Here’s a strange headline. “Private Med Clinic Expands Network.” And the strange part isn’t “Med.” It’s that this first story in the June 7 National Post is about Canada, fabled land of socialized medicine. What wretch snuck in a network of private clinics?
The company in question is WELL Health Technologies Corp., which just spent a fifth of a billion dollars adding 77 clinics to its network by purchasing MyHealth Centres to “create the largest private-sector-owned network of medical clinics in Canada.” But not, you’ll notice, the only or the first.
In fact, most Canadian health care is provided by private for-profit individuals and businesses, and much of the rest by private non-profits. The occasional maniac has called to conscript health-care providers in Canada, but thank goodness they have been ignored. Still, if you’re looking for villains here, try Hamed Shahbazi, chair and CEO of WELL Health, who for some reason seems to think it would be good if Canadians could get effective diagnosis quickly, including through MyHealth’s “telehealth” consultations, which I think means online.
Shahbazi described MyHealth as “a very tech-leaning and sophisticated company” that will allow WELL Health to expand through “bricks and clicks.” Which might make him an enemy of clear communication. But normally those who favour private health care are viewed as enemies of the revolution in Canada.
The story adds that WELL Health will now bring in about $400 million in revenue per year as it “earns $100 million on an operating basis.” Which I think means profits. But aren’t profits bad in health care, the economic and ideological equivalent of a virulent superbug?
Well, you could ask your doctor. If you could get in to see them. If indeed you had one, which millions of Canadians don’t. Only enemies could criticize the best health-care system in the world. But Statistics Canada did blurt out that “In 2019, 14.5% of Canadians aged 12 and older (roughly 4.6 million people) reported that they did not have a regular health care provider.” Amazingly, men do much worse than women, 17.4 percent vs. 11.7 percent, despite living in a patriarchy.
Nearly five million people without a GP would seem like a lot if you were one of them. But our politicians, pundits, and persons of rich do not skulk into walk-in clinics or line up endlessly for surgery like the shabby proles. They go abroad or use “pull” to queue-jump, giving the lie to their professed worries about “two-tier” medicine.
Still, if you do have a doctor, you can ask them. And chances are very strong that they are private practitioners with the gall to expect to support themselves and their employees from their seedy occupation of protecting and restoring our health. It’s an outrage. Hence the B.C. government’s 12-year war of attrition to shut down the Cambie Surgery Centre for having had the gall to expect to support its doctors, nurses, and other staff by providing surgeries faster and often better than the public system.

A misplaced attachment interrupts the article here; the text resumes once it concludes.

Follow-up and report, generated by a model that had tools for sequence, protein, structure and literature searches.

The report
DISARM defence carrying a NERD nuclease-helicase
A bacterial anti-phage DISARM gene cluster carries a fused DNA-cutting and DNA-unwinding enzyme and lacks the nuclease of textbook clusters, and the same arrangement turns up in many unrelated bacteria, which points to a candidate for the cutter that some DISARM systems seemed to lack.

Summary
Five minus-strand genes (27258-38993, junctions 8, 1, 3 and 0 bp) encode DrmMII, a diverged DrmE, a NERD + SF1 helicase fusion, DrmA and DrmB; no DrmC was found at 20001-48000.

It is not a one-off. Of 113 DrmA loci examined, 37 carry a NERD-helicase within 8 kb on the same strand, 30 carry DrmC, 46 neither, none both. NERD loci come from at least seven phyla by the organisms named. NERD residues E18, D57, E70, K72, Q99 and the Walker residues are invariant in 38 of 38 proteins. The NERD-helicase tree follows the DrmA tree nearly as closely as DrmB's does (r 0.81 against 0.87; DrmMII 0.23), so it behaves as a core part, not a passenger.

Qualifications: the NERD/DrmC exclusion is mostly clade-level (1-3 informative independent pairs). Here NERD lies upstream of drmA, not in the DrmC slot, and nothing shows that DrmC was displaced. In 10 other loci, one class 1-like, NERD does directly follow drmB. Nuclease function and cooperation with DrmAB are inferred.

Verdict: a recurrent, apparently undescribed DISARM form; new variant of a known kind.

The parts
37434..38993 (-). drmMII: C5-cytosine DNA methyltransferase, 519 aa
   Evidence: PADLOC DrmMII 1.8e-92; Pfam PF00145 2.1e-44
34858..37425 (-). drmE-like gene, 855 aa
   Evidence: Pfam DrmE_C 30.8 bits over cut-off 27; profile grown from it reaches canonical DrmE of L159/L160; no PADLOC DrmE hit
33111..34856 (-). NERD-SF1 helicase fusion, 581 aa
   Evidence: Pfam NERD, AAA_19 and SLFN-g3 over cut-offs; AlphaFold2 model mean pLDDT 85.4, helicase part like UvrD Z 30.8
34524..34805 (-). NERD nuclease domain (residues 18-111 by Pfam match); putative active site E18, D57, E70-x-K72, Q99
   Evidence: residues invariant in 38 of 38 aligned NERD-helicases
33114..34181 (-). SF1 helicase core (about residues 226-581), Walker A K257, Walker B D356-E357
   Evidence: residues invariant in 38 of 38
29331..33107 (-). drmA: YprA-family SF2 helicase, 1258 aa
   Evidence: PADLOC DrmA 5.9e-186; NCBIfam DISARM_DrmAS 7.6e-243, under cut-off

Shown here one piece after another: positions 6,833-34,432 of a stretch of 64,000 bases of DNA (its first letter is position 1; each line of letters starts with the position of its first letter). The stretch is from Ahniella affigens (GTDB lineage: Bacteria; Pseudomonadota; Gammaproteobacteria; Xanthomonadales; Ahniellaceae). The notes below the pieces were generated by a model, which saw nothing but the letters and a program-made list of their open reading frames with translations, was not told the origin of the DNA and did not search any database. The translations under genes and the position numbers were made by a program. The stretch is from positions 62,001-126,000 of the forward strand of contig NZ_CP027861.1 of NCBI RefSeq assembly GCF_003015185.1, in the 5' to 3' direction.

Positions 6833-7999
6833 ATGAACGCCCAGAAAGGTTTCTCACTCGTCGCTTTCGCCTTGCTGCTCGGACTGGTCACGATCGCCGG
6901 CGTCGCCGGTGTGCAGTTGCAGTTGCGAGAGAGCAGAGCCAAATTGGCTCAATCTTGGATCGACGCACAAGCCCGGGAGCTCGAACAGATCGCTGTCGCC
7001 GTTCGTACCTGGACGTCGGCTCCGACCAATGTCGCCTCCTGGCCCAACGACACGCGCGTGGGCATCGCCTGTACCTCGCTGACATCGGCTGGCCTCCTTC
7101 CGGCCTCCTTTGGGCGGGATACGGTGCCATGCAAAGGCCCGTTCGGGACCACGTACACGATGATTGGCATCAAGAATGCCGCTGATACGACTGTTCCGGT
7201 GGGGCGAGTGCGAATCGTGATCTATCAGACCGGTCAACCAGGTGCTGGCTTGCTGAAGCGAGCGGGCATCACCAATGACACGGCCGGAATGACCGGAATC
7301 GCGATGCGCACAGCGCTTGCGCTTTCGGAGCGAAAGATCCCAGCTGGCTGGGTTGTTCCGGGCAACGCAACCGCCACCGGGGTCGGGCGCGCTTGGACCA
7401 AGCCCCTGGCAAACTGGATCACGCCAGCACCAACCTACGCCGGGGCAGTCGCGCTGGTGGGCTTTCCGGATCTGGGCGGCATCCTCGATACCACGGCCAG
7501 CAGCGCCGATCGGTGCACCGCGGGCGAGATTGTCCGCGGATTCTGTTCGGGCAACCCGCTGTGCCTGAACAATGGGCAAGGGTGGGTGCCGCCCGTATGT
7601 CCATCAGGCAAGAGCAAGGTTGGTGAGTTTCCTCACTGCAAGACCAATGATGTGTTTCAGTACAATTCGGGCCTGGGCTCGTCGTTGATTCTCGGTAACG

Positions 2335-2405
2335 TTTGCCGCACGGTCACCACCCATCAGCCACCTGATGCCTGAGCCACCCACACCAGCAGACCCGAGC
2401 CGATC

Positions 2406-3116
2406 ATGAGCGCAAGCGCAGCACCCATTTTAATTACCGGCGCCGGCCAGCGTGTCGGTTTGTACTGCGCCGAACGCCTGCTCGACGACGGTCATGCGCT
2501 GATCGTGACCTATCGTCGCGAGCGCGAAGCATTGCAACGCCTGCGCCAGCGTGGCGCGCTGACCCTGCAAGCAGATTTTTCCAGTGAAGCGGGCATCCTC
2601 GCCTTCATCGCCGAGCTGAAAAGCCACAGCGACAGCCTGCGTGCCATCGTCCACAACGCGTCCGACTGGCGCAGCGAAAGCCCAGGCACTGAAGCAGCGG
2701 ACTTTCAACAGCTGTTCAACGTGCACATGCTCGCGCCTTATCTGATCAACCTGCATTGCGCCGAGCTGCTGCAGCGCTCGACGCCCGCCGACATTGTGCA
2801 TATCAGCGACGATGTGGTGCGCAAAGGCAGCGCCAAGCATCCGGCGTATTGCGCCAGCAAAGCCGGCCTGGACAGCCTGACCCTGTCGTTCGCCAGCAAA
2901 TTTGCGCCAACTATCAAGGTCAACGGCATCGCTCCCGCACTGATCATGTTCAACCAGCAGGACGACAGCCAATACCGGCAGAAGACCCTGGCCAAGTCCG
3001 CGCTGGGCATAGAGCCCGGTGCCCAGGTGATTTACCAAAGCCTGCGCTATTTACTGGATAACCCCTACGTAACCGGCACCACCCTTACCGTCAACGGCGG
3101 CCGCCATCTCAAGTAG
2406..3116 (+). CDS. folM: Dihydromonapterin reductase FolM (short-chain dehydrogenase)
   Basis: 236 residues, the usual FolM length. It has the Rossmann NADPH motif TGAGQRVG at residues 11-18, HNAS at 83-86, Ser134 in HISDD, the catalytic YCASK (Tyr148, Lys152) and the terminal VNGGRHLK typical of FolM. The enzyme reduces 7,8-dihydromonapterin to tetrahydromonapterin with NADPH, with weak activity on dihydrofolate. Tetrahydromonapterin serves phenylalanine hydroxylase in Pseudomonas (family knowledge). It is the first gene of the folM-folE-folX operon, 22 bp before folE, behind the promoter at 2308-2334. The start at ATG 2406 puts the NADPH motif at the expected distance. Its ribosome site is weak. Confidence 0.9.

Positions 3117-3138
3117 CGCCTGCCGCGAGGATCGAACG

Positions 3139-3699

Do you find sarcasm bitter medicine? Well, it beats sugar-coating the truth that it’s not ordinary people who are offended that doctors expect to earn a living keeping us living. It is zealots, administrators, and politicians.
The former are motivated by misplaced sincerity. Which is no excuse. But the latter are motivated by self-interest of a seedy sort. The Canadian medical system is largely private in its operations. But much of it is funded and price-fixed publicly, gets the incentives badly wrong, does too little, spends too much, and develops a compulsion to stop you from getting medical care.
No politician will admit to it, nor hospital administrator say it in public, but rationing is a feature, not a bug. The system rations by waiting list because it cannot afford not to.
They tell you health is expensive and you should consider yourself very fortunate to be entitled to it in principle and not gripe about being denied it in practice. But many countries have universal coverage without waiting lists because they are less obtuse and smug than the bureaucratic, political, and ideological guardians of our system. If Sweden can have private for-profit hospitals, why not us?
Full privatization is a topic for another day. But we could dramatically reform Canadian health care to produce far better results at far lower cost without abolishing the government as paymaster. And on a bleak note of hope, the pandemic may force us to, because of the intolerable increase in already outrageous waiting lists as our lumbering, inefficient system cleared the ICU decks for COVID.
If so, the first reform is intellectual, not institutional. And it’s not even admitting the private sector is better at delivering effective, compassionate service, as usual. It’s admitting it’s already doing it, that indeed it’s the only thing that makes Canadian health care work at all.
Strange, isn’t it?
John Robson is a documentary filmmaker, National Post columnist, contributing editor to the Dorchester Review, and executive director of the Climate Discussion Nexus. His most recent documentary is “The Environment: A True Story.”
Views expressed in this article are the opinions of the author and do not necessarily reflect the views of The Epoch Times.